Feds to study media convergence

With the media convergence bandwagon picking up speed, Ottawa has become increasingly anxious to figure out just where it's headed....

With the media convergence bandwagon picking up speed, Ottawa has become increasingly anxious to figure out just where it’s headed.

Plans for a federal review of media ownership are now in the works, says Len Westerberg, a spokesperson for the Canadian Heritage department.

Heritage Minister Sheila Copps first signaled her desire to take a look at the issue in May, after Hollinger announced plans to unload most of its print and online holdings. (CanWest Global Communications shelled out $3.5 billion for the lot in August.)

Ministry staff have been doing groundwork for the past several months, Westerberg says, and an announcement is expected ‘shortly.’

One group that would welcome an ownership review is the Council of Canadians, a national citizens’ rights organization that has been issuing dire warnings about the impact of massive media deals like the CanWest-Hollinger buyout and the BCE-Thomson alliance.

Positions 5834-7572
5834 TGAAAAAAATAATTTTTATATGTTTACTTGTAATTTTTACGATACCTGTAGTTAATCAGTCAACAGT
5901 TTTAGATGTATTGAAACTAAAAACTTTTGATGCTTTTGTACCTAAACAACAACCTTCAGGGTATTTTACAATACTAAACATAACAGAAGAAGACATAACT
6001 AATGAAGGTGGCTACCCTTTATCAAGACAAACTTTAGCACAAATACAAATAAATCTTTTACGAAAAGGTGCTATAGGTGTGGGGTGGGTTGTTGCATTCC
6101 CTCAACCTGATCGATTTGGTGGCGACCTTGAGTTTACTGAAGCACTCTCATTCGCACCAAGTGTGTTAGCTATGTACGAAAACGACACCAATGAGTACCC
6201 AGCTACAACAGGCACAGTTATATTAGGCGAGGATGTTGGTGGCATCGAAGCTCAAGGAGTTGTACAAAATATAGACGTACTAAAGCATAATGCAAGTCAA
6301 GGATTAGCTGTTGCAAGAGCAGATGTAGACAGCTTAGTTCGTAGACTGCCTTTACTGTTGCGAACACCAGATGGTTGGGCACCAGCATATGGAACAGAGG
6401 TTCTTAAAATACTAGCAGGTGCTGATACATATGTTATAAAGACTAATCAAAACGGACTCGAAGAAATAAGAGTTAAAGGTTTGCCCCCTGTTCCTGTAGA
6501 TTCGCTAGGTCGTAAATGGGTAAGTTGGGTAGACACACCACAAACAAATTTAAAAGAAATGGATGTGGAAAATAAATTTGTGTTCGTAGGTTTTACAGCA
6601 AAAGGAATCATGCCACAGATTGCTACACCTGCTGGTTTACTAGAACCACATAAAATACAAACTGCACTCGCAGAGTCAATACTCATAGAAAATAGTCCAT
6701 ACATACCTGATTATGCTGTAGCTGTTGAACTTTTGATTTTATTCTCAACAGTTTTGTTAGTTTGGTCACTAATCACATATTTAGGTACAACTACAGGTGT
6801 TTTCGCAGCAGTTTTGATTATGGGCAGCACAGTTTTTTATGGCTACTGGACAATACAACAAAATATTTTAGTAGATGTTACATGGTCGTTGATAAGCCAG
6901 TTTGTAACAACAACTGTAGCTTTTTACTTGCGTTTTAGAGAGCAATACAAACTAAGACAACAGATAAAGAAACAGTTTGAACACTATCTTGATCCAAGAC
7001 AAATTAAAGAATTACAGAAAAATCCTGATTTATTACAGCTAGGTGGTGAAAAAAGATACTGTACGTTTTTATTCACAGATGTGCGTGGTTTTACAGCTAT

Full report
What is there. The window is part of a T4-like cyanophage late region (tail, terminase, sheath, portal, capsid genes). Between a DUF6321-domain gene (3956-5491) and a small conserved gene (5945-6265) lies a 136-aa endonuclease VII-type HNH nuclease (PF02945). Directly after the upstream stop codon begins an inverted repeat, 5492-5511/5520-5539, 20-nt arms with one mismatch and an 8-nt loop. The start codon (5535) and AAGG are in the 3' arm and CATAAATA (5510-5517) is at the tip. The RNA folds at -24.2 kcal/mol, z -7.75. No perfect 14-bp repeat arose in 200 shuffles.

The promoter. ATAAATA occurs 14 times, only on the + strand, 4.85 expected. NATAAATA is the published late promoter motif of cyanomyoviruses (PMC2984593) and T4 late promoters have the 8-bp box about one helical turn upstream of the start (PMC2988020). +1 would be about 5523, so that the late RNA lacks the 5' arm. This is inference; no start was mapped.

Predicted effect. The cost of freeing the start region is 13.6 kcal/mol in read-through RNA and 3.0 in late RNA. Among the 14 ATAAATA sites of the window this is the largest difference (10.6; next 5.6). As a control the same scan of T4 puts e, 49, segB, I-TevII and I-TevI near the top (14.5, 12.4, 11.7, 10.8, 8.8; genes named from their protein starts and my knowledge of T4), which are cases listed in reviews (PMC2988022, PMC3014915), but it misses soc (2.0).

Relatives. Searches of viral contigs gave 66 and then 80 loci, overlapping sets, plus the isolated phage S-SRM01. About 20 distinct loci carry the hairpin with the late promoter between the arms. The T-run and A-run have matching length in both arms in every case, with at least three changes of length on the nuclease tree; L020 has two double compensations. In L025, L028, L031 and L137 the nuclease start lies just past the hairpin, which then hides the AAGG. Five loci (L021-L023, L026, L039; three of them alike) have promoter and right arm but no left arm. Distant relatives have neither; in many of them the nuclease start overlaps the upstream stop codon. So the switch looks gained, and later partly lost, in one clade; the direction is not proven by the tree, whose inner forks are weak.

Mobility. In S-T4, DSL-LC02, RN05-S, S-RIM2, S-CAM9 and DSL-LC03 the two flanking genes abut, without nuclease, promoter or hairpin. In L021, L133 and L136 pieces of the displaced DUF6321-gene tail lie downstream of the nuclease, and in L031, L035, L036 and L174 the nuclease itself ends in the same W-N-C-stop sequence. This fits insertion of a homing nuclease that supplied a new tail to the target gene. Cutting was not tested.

John Urquhart, communications officer for the Ottawa-based group, says that in addition to reducing editorial diversity, convergence will stifle regional points of view, since these media titans will inevitably do all of their decision-making in central Canada.

Barrie Zwicker, media critic for Toronto-based Vision TV, says mergers and buyouts will make media owners wealthier and may create benefits for advertisers, such as one-stop shopping opportunities. But for the average consumer, he argues, increased concentration of ownership means access to a narrower range of facts and opinions.

Zwicker also fears that editorial integrity will be compromised, especially as media owners acquire sports franchises as a source of content for their various properties.

‘Journalists in general will be looking over their shoulders, as more conflicts of interest arise when they’re covering sports or other enterprises owned by their bosses.’